Contemporary debates in epistemology devote much attention to the nature of knowledge, but neglect the question of its sources. The distinctive focus of Human Knowledge and Human Nature is on the latter, especially on the question of innateness.Contemporary debates in epistemology devote much attention to the nature of knowledge, but neglect the question of its sources. The distinctive focus of Human Knowledge and Human Nature is on the latter, especially on the question of innateness. Peter Carruthers' aim is to transform and reinvigorate contemporary empiricism, while also providing an introduction to a range of issues in the theory of knowledge. He gives a lively presentation and assessment of the claims of classical empiricism, particularly its denial of substantive a priori knowledge and also of innate knowledge. He argues that we would be right to reject the substantive a priori but not innateness, and then presents a novel account of the main motivation behind empiricism, which leaves contemporary empiricists free to accept innate knowledge and concepts. He closes with a discussion of scepticism, arguing that acceptance of innate concepts may lead to a decisive resolution of the problem in favour of realism. This book is intended for intermediate level students on courses in the theory of knowledge. Supplementary text for students on courses on history of modern philosophy....Continua Nascondi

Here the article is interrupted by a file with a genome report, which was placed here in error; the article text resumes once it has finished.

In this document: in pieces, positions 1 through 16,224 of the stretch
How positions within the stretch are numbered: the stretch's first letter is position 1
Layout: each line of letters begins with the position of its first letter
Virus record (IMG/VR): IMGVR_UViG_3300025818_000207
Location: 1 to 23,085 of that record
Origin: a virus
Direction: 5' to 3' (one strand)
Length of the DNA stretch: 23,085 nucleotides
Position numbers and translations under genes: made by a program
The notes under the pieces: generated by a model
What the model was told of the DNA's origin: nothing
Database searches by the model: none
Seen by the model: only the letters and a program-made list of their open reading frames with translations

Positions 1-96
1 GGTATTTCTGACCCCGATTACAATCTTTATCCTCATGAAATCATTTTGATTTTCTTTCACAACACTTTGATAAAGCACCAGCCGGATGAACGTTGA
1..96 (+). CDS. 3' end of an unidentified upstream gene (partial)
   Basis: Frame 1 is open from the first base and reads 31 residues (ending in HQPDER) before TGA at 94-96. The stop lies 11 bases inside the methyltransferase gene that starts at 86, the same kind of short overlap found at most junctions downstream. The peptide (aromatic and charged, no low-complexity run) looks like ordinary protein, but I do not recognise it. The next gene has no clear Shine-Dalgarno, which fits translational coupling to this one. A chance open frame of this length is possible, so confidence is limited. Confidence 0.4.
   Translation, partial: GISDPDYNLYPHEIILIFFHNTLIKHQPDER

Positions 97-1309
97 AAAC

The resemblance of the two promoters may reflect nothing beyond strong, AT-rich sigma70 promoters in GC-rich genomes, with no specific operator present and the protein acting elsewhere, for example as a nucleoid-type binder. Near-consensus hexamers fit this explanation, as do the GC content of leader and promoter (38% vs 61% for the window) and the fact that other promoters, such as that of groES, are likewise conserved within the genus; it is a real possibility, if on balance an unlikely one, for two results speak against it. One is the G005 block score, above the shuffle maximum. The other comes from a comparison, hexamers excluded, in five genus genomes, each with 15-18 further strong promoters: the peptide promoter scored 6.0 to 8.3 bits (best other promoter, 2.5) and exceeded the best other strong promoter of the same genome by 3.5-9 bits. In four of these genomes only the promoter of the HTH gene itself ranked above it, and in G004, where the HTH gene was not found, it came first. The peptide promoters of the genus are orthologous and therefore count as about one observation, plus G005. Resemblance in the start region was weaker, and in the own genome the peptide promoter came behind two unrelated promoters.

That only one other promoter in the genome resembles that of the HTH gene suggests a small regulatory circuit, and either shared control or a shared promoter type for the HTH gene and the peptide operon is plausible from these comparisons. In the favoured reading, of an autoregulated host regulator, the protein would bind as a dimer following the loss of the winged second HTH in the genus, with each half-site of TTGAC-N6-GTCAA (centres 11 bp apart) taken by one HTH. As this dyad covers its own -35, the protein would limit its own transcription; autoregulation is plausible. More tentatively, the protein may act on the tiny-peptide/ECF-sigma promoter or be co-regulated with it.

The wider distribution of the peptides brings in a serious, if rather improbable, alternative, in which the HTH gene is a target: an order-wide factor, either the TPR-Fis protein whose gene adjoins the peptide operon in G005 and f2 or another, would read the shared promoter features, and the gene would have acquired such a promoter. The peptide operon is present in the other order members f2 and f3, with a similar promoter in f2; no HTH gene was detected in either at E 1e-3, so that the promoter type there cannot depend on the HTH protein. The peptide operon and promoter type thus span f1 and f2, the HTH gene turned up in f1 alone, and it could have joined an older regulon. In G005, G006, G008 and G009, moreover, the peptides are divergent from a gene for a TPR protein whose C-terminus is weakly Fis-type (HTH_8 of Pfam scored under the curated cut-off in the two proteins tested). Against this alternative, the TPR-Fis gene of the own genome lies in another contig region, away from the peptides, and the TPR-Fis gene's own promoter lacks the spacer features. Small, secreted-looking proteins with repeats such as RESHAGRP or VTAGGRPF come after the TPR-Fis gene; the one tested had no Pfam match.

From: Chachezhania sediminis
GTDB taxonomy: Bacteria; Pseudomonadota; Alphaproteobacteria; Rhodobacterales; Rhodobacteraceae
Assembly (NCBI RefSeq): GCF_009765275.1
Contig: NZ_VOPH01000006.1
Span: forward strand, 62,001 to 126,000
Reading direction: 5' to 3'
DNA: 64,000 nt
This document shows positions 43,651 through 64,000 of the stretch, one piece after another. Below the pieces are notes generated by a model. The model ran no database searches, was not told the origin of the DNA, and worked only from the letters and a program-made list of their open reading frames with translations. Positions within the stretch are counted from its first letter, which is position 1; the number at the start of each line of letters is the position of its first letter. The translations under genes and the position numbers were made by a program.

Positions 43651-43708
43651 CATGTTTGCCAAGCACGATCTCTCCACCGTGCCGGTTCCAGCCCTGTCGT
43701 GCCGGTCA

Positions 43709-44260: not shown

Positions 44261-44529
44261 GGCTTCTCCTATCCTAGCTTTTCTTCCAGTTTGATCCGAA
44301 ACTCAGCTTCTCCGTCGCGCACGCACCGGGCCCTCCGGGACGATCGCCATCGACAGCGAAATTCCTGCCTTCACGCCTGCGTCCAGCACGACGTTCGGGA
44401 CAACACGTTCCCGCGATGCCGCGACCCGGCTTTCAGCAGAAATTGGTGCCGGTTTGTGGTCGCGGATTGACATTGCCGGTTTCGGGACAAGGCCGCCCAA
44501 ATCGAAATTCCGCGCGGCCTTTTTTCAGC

Number of pages: 207
Format: Soft and stapled cover
Date of publication: 01/01/1992
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